Sunday, June 19, 2011

Ten Things We Did (And Probably Shouldn't Have)

Ten Things We Did (And Probably Shouldn't Have) by Sarah Mlynowski
HarperTeen, 2011
354 pages
YA; Contemporary
4/5 stars

Source: Received an ARC through Amazon's Vine program in exchange for an honest review.

When April's dad announces that they're moving to Cleveland in the middle of the school year, she is understandably very upset.  She petitions to be allowed to stay with her best friend Vi under the supervision of Vi's mother.  Except Vi's mother is about to go on tour meaning the two girls will be living alone and will almost certainly do ten things they shouldn't have (the moving in the middle of the school year also happened to me so I totally sympathized with April there; needless to say, I did not get to stay but instead had to move across the country.)

I had this on my radar for a while and had high expectations once I saw it compared to the work of Sarah Dessen (love) and E. Lockhart (haven't read very much but enjoyed what I have read).  And I loved the writing-so funny and absorbing; I flew through the book.

April is a hilarious character albeit one with very poor judgment and little common sense.  Girl is thrilled to live with her best friend without parental supervision until she realizes that real life is hard.  April does not know how to cook, clean, or budget, resulting in some shenanigans.  She does however know how to party, which also causes some crazy scenes.  One of my favorite aspects of the book was the presence of an adorable cat, which made me want to go grab mine.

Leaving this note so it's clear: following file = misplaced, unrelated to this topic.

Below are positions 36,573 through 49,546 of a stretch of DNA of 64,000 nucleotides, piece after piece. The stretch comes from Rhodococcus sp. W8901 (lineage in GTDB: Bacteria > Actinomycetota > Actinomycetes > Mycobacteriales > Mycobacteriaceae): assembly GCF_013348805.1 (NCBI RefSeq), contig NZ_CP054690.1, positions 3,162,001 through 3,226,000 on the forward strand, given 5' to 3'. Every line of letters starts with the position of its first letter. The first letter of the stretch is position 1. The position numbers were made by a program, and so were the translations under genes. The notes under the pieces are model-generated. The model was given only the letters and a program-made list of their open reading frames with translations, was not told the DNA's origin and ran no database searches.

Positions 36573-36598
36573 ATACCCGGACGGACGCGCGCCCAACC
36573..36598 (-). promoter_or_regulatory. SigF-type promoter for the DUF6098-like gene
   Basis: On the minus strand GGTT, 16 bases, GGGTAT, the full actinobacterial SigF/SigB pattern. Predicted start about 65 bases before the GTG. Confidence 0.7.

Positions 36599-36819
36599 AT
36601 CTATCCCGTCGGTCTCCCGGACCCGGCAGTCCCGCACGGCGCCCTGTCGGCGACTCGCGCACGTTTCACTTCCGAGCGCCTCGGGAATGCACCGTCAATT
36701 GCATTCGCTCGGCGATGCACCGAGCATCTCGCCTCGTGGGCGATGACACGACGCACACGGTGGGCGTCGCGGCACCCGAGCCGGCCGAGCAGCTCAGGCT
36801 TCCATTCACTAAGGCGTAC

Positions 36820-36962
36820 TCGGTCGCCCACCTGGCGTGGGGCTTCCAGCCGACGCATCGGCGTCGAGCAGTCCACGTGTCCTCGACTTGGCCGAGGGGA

April also takes advantage of the freedom to get even closer with her long-time boyfriend Noah; I appreciated Mlynowski's insertions of sex ed, describing April's trips to Planned Parenthood and real-life results of sexual intercourse.  She thinks carefully about her first time and plans for it, which I liked seeing.

Although there is a lot of fun bits in this book, there is also a deeper plot around the breakup of April's family and her feelings toward that and toward her town.  It didn't quite work in contrast to the hijinks and hilarity of the rest of the story although I appreciated the psychoanalysis of April's actions and mind.

It's fairly obvious as you go through the book that Noah is kind of sketchy, which only increases as you read further on.  April, however, does not figure this out until nearly the end, when she does dump him and ends up in a new relationship with hottie Hudson.  Alas there wasn't enough of their chemistry for me to fully root for this relationship.  I loved every little bit of time we got to spend with Hudson but I wanted more!

Content: Language, sex, underage drinking-a lot of all although not too explicit.

Cover: Reminds me of Not That Kind of Girl but fortunately I received this in the mail so no judgmental comments were made; in other words, dislike.

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